"Last year we exported as much as 640,000 tonnes of wheat, but now we are having to buy it from abroad. We have already imported 2,000 tonnes of bread wheat," Sakovic told 'Novi Sad Dnevnik'. 
He said that imports would continue over the next few months due to the drought and the fact that too few fields had been which sown was causing a shortage of wheat on the domestic market. 
Sakovic added that he expected the price of wheat to continue to increase, adding that domestic wheat was considerably more expensive than imported wheat...

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Serbian weapons factory director hopes for return of arms to US market

The director of the Kragujevac-based Zastava special purposes factory, Djordje Nestorovic, has told FoNet News Agency that after receiving permission to export US weapons to Serbia and Montenegro, he expected normalization of trade relations between the two countries also to ensue with "a return of Kragujevac weapons to the US market."
"We hope that this will happen very soon, which will allow us to earn around US$8m per year in the USA. We have contracts to export 16,000 hunting rifles annually with a likelihood of this amount being increased to 20,000. We also expect a secure placement of 10 to 12,000 CZ 999 pistols," Nestorovic said.
Nestorovic said that the Kragujevac military factory exported hunting and sports weapons to 35 countries throughout the world but noted that its main attraction for the US market was quality and favourable price.
"High quality and acceptable prices are our trump cards and we are not afraid of fierce competition in the US market in the least," Nestorovic said. He said that the factory saw its chance in the Partnership for Peace because it already had weapons adjusted to NATO standards.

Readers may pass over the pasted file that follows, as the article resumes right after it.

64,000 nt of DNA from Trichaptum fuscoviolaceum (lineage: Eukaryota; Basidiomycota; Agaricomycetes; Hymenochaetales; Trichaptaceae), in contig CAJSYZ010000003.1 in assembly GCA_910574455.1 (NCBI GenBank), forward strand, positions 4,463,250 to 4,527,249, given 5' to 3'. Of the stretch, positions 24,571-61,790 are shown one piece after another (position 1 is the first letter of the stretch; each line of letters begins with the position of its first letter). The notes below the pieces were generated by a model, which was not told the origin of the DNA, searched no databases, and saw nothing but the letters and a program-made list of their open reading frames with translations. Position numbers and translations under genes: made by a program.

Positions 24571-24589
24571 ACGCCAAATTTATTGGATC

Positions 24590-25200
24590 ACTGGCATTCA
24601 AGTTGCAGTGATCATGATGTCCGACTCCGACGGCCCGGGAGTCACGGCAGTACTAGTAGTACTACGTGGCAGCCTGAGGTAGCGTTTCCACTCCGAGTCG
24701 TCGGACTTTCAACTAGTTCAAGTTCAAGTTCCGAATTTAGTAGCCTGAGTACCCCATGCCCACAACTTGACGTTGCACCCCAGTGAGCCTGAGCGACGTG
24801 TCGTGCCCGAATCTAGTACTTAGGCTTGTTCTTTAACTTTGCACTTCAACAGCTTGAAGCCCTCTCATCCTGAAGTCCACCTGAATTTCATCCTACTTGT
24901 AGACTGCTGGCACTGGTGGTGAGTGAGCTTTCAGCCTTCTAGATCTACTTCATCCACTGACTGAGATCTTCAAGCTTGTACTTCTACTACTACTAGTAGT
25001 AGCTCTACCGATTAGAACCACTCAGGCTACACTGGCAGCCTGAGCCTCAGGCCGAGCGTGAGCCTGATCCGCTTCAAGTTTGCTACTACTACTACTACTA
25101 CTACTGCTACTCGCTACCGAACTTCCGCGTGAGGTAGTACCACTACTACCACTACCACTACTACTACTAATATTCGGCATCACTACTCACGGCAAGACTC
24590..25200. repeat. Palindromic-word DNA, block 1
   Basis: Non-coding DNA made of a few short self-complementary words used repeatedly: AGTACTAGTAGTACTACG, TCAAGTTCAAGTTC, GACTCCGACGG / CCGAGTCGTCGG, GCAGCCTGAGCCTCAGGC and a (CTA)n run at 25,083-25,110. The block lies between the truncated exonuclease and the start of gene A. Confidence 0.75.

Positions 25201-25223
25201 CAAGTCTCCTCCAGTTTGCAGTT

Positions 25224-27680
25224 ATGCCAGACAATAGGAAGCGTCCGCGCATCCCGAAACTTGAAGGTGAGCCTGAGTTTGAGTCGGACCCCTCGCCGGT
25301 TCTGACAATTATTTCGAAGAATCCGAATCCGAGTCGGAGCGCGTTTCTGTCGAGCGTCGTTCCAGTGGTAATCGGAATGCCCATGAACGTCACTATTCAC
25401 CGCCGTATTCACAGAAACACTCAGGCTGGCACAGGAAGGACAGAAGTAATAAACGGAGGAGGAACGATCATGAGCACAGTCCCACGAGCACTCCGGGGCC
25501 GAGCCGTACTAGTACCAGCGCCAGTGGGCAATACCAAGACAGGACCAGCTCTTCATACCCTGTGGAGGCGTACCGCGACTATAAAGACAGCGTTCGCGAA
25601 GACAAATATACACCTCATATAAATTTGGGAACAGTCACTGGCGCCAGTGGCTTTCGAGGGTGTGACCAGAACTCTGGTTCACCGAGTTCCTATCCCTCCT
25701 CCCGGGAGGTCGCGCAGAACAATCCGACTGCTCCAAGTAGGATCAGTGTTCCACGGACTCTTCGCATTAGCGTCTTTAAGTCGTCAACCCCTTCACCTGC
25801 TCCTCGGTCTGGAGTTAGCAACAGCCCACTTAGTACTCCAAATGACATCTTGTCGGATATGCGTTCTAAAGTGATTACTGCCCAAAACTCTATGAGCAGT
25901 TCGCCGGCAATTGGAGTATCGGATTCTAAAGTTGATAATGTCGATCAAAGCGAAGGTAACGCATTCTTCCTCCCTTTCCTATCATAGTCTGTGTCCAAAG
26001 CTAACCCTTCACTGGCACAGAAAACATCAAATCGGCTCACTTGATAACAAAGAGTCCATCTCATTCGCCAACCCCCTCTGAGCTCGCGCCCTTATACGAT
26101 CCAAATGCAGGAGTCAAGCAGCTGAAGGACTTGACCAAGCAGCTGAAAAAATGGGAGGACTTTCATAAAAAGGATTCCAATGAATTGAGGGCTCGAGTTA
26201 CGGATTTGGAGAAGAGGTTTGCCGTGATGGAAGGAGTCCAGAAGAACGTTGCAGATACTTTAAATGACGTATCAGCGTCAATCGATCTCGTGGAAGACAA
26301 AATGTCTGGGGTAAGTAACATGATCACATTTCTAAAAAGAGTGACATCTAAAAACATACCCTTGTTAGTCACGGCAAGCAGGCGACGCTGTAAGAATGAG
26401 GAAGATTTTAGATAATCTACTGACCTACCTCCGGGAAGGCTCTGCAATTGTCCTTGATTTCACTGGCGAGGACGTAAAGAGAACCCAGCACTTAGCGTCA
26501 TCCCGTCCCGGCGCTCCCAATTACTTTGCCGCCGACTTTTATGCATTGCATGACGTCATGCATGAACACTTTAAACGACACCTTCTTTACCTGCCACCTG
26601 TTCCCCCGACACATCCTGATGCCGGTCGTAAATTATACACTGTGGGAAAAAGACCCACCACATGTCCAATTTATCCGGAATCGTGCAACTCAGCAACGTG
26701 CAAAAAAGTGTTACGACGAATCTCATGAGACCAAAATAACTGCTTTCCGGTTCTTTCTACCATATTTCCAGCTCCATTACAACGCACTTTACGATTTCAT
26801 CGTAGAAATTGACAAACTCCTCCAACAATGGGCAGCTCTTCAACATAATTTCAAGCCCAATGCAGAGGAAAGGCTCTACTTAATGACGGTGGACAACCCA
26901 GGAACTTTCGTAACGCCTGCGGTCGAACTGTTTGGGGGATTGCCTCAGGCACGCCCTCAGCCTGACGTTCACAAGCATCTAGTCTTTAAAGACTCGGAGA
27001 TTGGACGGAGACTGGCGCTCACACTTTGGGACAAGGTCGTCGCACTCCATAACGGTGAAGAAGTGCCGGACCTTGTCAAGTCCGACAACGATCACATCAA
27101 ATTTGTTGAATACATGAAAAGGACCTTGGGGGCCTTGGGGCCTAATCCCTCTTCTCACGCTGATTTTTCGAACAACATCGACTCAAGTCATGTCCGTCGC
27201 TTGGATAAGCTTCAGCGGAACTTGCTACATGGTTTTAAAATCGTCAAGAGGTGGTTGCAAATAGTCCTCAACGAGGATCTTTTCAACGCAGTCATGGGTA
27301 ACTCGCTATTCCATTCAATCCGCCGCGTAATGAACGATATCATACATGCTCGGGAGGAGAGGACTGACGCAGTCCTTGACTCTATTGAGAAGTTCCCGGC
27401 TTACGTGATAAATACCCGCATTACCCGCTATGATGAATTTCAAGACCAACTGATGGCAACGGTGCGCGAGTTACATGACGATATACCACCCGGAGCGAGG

"We already have a whole range of weapons meeting NATO standards, being good quality and with favourable prices," Nestorovic said...

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Slovene bank buys 91 per cent of shares of Montenegrin bank

The agreement on the sale of the Montenegro banka to the Nova Ljubljanska bank has been signed in Podgorica by Finance Minister Miroslav Ivanisevic, and the chairman and a member of the Slovene bank's management board, Marko Voljci and Andrej Hazabent, respectively, Radio Montenegro has announced. 
Biljana Radosavovic reporting for the Radio station said: "The Nova Ljubljanska will pay 11.1m euros for 91.5 per cent of shares of the Montenegro banka. Eight millions will be paid promptly, and the remainder will be paid into a special account from which the funds will be released gradually, depending on the deblockade of the Montenegro banka's deposits." 
The Nova Ljubljanska will provide 6m Euros for additional privatisation, 5m for investments and 1.6m for the development of the Montenegro banka, Branko Vujovic, chairman of the privatisation council, has said.
Finance Minister, Miroslav Ivanisevic, said that the part of the agreement on the investment in the Montenegrin economy was the most important. He said: "In addition to the purchase price, I think that even more important is the fact that we have got such a good bank, that considerable funds will be invested, i.e. that the Montenegrin economy will get a source of long-term loans. At least 10m Euro will be invested in the development of small and medium-sized companies. A considerable amount will also be used for new investments and the additional privatisation of the bank..."
The Nova Ljubljanska is obliged to keep 195 employees of the Montenegro banka, make additional investment in training and keep open the branches in Mojkovac and Cetinje.

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World Bank approves US$80m loan for Serbian welfare sector reforms

The World Bank has approved an US$80m credit [loan] for the structural adaptation of Serbia's social sector. An agreement on the credit was signed on 8th May by Serbia and Montenegro Foreign Trade Minister, Branko Lukovac, and World Bank Belgrade office chief, Rory O'Sullivan, Tanjug News Agency has reported. 
The credit is approved under IDA conditions, which means that it is extended over 20 years, with a 10-year interest-free grace period. 
The credit will be used as budget support to the Serbian government in the field of the pension system, social benefits, management of extra-budgetary funds, social and child protection, employment, health and for monitoring the standard of living.
The World Bank has also approved a US$2.75m credit for employment promotion in Serbia, this financial it announced on 6th May, Tanjug News Agency has reported. 
The credit is for 20 years (10-year grace period and 10-year payment), without interest, with administrative expenses amounting to 0.75 per cent annually.